It’s challenging to retain workers after a job has finished, he adds. “You tend to have a small number of very large projects, so people tend to work project by project rather than company by company. If there’s a nice big project on your doorstop, why go to the other side of London?”
Aside from competition for skilled workers, Mr Lynch says subcontractors will have to deal with a more immediate issue: the consequences of Carillion’s liquidation.
Following the collapse of the UK’s second largest contractor by turnover, thousands of subcontractors have been left in the lurch as work immediately stopped across Carillion sites up and down the country. It is thought that around £1bn in retentions were tied up by Carillion. Many subcontractors are also out of pocket from work they haven’t been paid for when the construction giant went under.
For Mr Lynch, alarm bells surrounding the Carillion’s health were raised in July last year when it announced its first profit warning. “We had an expectation that losses would be reported – but nothing on this scale,” he says.
And as the biggest scaffolding supplier to Carillion, it was clear to Mr Lynch that Lyndon Scaffolding’s exposure to this risk needed to be addressed.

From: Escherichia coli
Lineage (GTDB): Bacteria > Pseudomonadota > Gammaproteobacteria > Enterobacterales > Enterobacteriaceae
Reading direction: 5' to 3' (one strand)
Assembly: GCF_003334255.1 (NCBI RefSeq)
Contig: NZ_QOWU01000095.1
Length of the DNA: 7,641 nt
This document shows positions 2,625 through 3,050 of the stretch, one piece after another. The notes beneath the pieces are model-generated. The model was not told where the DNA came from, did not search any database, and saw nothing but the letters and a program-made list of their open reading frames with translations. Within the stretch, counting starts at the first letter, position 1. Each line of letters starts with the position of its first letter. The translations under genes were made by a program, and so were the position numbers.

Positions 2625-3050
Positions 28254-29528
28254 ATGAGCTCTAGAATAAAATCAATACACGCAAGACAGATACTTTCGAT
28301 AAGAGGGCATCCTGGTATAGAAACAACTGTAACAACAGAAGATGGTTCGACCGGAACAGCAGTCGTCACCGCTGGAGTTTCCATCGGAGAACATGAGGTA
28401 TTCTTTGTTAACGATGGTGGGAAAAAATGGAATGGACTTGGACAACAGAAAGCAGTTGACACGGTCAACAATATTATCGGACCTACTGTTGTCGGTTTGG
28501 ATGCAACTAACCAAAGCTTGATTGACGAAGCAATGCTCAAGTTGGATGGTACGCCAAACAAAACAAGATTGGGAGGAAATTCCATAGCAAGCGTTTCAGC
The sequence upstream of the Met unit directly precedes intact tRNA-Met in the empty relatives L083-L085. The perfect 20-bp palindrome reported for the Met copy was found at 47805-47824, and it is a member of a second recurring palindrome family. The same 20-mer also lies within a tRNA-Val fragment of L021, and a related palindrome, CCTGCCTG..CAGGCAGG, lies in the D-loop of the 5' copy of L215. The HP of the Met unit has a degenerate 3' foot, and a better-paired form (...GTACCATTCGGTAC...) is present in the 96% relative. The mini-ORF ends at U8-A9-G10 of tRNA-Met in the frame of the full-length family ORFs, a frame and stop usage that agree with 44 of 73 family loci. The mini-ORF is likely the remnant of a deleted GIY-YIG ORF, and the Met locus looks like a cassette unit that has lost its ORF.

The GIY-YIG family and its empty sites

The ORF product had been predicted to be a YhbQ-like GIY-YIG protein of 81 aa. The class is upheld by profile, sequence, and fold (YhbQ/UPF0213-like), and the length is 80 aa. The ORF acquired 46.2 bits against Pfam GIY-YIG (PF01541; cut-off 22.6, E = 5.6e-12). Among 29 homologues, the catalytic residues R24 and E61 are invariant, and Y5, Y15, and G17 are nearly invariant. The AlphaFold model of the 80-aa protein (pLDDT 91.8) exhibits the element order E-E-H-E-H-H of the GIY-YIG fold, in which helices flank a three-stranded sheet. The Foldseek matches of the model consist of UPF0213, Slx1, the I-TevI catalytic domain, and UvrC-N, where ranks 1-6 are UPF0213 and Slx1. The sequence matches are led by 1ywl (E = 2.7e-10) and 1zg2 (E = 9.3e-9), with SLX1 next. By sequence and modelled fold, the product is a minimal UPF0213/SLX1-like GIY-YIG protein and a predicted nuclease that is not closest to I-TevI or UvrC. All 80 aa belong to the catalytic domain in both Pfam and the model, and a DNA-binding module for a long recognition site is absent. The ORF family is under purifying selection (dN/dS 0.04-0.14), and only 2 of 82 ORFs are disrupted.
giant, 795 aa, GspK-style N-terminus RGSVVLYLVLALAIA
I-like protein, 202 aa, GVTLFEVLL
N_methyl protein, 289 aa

Mr Lynch started to withdraw the company’s money through Carillion’s early payment facility at the tail-end of 2017 as the extent of the contractor’s problems started to emerge. “We could draw down the money in 30 days without a penalty, with money lent by the bank,” Mr Lynch says. “This enabled us to get our money quickly.”
What projects has Lyndon worked on?
Millennium Stadium, Cardiff | Lyndon Scaffolding first provided scaffolding on the roof for what is now the Principality Stadium in 1999. The firm has since been called back once more to design and build the scaffold to replace and test wire bonds that support the rood on the stadium.
BBC Broadcasting House, London | Lyndon worked on phase one and two of the refurbishment of the BBC Broadcasting House, which was completed by main contractor Lendlease in 2010. The team was on site for 18 months installing a full scaffold to the building.